Child-free by choice: Why it can be something to celebrate

Last week I had the privilege of attending the Worldwide Mothers' Union Annual General Meeting and Celebration in Swansea, Wales. I really enjoyed listening to positive stories of lives changed by the work of the global members who care passionately about their communities.

The Mothers' Union was founded by Mary Sumner in 1876. She wanted to create an organisation for women which brought together rich and poor to build a network supporting mothers as they brought up their children in the Christian faith. In her first speech Mary Sumner said, 'Those that rock the cradle rule the world'. She was quoting the William Ross Wallace 1865 poem The Hand that Rocks the Cradle is the Hand that Rules the World. In the 19th century, these were radical, provocative words. Mary Sumner's speech was a rallying cry to raise the value of motherhood and for it to be considered as important, if not more so, as the roles of men.

FacebookTo Kid Or Not To Kid? Mandy Bayton's sister Maxine has decided not to have children.

About the same time as I was sitting in that meeting in the UK, on the other side of the Atlantic, in Minneapolis, my sister was previewing the trailer of a documentary she has produced and directed entitled To Kid Or Not To Kid, a film that aims to dispel the myth that living childfree is weird, selfish or somehow wrong.

My sister has chosen not to have children and chosen not to be a mother. She feels strongly, as indeed do I, that it is every woman (and man's) right to be able to choose not to be a parent. I applaud her bravery and courage for knowing who she is and what she wants. It has not been an easy journey for her and has provoked a whole range of extreme and different reactions (you'll have to watch the film to find out what they are).

As a Christian, I am a great believer in free will and I appreciate the gift of choice. The power of choice is liberating and those who have experienced it being taken away will know how debilitating and incapacitating that is. I also believe that the different choices each of us makes add to the rich colours of humankind's diversity. I am a passionate advocate of diversity and value deeply all the fragments of humanity which exist in our beautiful and fascinating world.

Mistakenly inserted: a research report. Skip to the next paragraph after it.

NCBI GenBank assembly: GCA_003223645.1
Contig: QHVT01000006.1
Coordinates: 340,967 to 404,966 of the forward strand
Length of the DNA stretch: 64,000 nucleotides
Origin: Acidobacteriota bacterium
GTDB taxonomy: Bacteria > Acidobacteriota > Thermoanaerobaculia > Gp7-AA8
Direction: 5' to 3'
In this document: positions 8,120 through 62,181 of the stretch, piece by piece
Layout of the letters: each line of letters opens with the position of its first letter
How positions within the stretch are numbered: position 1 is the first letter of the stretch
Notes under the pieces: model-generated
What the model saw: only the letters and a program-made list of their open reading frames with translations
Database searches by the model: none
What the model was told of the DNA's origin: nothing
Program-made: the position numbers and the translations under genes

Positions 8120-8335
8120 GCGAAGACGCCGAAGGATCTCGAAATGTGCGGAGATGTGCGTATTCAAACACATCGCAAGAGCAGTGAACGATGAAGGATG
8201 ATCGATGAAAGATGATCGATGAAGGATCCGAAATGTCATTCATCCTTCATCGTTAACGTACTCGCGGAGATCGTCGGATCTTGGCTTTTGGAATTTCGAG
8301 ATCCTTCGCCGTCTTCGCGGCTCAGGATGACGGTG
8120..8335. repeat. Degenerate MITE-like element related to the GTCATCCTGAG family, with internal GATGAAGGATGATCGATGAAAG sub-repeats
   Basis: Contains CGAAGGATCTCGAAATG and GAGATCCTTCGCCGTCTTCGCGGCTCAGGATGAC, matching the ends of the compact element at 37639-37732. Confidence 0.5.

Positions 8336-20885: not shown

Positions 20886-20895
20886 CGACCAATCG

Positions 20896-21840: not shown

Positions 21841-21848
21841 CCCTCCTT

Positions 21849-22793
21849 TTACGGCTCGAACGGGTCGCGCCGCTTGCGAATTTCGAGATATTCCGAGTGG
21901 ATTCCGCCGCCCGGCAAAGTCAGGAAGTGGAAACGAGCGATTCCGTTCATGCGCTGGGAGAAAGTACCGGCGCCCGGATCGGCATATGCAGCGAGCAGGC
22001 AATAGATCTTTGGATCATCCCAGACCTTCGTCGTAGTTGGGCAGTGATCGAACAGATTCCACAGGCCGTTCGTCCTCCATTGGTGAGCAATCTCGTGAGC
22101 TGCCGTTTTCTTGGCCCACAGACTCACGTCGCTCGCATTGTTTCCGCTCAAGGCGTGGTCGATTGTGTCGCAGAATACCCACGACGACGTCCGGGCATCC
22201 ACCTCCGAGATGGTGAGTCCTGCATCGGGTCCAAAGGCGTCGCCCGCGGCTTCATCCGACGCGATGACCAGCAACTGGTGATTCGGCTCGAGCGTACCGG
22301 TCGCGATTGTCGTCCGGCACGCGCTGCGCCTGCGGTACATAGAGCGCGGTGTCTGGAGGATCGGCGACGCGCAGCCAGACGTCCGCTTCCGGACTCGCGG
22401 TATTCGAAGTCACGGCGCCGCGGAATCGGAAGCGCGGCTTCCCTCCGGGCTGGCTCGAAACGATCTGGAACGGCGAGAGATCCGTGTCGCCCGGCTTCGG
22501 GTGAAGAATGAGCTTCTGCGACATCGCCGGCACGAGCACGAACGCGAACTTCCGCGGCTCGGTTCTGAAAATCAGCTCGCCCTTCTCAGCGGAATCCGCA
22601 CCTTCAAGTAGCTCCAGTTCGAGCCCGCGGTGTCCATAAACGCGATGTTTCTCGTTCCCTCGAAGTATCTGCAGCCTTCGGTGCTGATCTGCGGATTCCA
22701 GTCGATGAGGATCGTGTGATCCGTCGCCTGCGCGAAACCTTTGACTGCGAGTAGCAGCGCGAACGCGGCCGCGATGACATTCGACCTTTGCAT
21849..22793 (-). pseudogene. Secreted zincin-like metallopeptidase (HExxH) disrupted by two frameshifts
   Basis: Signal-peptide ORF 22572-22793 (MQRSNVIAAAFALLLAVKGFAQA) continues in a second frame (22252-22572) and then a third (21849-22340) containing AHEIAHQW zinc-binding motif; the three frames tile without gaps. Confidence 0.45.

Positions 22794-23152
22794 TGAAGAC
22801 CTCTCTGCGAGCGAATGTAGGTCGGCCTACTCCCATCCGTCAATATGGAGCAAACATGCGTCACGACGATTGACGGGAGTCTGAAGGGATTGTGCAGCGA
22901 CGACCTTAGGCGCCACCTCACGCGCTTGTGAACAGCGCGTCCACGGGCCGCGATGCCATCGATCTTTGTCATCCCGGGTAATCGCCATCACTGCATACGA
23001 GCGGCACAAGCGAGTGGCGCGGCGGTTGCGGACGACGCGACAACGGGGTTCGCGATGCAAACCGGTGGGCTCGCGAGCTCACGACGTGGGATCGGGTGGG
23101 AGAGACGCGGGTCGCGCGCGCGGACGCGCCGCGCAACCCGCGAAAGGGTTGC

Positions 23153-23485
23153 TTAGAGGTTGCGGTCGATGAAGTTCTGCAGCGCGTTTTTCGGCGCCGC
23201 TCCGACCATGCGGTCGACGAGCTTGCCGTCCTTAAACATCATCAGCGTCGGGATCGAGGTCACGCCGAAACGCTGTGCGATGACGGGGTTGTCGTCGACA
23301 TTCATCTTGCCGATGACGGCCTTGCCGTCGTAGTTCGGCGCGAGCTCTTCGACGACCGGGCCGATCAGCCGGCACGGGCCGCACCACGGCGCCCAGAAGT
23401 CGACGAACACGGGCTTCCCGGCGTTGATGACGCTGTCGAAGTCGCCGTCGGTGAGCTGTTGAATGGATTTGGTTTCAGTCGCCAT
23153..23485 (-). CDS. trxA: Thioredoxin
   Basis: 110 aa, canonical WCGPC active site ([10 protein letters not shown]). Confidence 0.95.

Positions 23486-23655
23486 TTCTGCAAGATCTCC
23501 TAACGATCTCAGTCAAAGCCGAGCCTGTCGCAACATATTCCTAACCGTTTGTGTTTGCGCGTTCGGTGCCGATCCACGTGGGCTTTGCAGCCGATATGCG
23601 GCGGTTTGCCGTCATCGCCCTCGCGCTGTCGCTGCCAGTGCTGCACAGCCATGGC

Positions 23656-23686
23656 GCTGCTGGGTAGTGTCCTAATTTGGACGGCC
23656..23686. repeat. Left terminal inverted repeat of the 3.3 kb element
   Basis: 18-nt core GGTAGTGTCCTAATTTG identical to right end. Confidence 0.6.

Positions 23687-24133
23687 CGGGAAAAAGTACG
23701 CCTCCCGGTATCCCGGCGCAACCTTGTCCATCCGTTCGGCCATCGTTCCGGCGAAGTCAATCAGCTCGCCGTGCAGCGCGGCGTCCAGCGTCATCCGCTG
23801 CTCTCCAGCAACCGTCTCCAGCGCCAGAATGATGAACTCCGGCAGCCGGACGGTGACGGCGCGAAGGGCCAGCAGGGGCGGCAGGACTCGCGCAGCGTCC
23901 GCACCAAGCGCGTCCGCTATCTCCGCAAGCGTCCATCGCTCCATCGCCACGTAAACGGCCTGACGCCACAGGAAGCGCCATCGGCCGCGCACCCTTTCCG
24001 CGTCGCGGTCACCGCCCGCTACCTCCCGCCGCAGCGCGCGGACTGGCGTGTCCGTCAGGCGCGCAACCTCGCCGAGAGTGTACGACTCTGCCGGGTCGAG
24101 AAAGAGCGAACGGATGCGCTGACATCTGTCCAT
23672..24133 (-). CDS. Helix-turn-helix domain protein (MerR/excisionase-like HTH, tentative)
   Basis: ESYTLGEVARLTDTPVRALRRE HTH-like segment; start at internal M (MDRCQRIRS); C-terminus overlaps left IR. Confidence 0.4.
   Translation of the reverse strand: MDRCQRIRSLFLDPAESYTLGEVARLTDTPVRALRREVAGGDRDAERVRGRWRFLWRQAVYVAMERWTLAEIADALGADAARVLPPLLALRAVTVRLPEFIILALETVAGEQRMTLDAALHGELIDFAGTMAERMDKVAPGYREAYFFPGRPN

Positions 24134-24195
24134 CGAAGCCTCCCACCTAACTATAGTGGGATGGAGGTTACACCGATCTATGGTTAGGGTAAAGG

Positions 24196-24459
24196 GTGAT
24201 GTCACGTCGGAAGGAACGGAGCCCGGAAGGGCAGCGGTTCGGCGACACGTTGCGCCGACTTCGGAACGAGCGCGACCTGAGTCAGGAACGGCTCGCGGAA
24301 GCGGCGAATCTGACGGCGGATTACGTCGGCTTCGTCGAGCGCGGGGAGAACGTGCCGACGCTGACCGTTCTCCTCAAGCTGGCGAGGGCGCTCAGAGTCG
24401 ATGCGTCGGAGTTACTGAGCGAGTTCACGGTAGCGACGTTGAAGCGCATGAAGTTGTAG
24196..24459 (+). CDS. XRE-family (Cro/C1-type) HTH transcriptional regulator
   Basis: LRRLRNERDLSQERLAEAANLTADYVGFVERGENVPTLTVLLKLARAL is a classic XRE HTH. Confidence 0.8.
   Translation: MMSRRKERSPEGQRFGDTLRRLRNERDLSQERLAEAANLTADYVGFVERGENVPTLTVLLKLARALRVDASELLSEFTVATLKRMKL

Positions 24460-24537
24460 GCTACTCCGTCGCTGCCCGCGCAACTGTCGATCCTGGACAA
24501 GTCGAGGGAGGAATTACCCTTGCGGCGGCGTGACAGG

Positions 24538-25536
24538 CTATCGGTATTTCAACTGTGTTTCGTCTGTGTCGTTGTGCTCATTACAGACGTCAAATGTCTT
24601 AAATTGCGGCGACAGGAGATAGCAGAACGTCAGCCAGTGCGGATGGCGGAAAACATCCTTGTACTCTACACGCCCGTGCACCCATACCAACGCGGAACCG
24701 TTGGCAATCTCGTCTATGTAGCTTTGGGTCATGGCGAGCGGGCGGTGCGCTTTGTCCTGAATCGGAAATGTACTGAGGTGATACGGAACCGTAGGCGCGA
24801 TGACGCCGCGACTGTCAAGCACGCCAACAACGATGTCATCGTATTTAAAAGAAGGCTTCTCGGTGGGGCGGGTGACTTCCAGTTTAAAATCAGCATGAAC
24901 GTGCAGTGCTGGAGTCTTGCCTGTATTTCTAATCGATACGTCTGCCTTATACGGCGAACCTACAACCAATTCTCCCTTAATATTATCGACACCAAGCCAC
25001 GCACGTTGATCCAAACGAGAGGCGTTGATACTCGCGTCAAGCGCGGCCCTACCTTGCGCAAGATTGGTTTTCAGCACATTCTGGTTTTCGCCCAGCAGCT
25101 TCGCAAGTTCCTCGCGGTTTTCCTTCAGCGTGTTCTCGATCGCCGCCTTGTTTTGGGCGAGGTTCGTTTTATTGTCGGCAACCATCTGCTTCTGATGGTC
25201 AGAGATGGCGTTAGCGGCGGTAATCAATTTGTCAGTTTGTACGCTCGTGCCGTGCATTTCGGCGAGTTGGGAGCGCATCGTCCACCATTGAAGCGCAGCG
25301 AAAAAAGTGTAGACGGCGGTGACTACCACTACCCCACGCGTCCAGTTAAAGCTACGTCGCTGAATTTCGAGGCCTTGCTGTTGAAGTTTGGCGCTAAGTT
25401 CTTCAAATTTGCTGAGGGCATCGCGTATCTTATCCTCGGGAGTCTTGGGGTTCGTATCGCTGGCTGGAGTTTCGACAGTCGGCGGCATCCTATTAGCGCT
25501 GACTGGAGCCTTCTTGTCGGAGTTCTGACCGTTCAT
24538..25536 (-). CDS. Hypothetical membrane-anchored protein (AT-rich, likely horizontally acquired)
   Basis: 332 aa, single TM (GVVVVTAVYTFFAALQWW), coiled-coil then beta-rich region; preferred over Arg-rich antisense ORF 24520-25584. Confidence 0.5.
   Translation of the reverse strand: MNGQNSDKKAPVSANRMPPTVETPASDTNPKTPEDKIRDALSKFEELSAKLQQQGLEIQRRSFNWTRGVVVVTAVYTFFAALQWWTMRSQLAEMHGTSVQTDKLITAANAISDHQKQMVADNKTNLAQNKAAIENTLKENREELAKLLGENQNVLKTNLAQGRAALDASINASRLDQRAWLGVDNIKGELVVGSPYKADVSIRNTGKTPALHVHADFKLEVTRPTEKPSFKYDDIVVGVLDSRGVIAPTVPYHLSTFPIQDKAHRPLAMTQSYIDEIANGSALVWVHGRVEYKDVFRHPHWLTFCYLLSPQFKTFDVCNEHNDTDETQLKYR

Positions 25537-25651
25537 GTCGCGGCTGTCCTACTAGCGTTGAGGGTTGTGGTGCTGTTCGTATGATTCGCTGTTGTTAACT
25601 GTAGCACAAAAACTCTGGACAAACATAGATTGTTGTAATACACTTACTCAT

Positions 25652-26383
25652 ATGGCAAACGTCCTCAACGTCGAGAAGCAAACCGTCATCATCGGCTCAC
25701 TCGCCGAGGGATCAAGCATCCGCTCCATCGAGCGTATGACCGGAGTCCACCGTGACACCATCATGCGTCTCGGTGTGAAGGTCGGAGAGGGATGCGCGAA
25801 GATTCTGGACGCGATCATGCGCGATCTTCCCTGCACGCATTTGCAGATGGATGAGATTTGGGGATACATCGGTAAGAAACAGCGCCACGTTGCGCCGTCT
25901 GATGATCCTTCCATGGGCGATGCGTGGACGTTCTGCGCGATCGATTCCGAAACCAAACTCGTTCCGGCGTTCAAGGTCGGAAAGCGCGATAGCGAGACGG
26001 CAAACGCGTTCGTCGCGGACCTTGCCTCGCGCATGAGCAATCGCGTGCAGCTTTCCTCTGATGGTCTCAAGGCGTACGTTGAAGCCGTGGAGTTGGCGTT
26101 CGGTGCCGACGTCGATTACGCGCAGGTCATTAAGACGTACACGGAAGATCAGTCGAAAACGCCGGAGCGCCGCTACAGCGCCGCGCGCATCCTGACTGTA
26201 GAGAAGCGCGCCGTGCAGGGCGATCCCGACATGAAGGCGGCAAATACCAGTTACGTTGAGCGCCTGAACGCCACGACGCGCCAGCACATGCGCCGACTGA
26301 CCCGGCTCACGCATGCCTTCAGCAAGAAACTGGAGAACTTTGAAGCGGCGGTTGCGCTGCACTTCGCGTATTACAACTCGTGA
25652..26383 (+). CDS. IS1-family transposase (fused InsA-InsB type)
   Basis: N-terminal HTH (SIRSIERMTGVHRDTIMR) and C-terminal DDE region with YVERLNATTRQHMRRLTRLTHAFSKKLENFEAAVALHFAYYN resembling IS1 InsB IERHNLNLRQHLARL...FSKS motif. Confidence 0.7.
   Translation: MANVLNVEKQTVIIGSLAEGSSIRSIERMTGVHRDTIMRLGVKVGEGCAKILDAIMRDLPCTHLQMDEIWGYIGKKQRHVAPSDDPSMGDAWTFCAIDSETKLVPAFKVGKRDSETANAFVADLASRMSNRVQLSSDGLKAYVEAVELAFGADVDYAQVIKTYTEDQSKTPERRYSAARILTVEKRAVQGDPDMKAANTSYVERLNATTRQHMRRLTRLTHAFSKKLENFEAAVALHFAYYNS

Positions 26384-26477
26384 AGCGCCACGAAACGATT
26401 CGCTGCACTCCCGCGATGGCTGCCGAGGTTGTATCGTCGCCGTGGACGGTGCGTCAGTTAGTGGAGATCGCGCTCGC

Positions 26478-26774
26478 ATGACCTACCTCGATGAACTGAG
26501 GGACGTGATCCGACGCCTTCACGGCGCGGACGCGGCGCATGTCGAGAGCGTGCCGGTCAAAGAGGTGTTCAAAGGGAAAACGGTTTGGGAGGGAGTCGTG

Because my sister and I have made different choices we have unique stories to tell. My choice was always to be a mother and I adore my three beautiful daughters. My sister's choice was not to be, though she makes a wonderful aunt.

My sister is a social activist who cares deeply about our world. Both of us would challenge the idea that it's only those that rock the cradle who rule the world: it's right to acknowledge those men and women who have chosen not to be parents, alongside supporting those who would love to have had children but can't.

Family is one of the descriptions Scripture gives the church. Being part of a family is precious – none of my child-free friends would dispute that – but family comes in many different shapes and sizes.

So as we celebrate and fight to protect families with children, wouldn't it be wonderful, if instead of making child-free people feel 'less than', we also celebrate and thank them for their ability to enrich life? They invest their compassion, energy and love into other channels which all contribute to making our world a better place.

I have now reached the age where my child-bearing years will soon be behind me. As I close this chapter and grieve a little for what will be no more, I wonder if my sister feels any sadness that one day she will be doing the same. Somehow I don't think she will. She never opened that particular book; her book contains a totally different story and I thank God it does.

Not for a moment will I ever regret being a mother and having children and I am delighted that my story is full of their stories. But I am also thankful that the library of life holds in its bookcases the stories of men and women who embrace choice, who celebrate diversity and who are brave enough to swim against the current. I can't wait for my next chapter – nor can I wait for my sister's. To kid or not to kid? What a great question.

Mandy Bayton is The Cinnamon Network Advisor for Wales, speaker and freelance writer. Follow her on Twitter @mandyebayton

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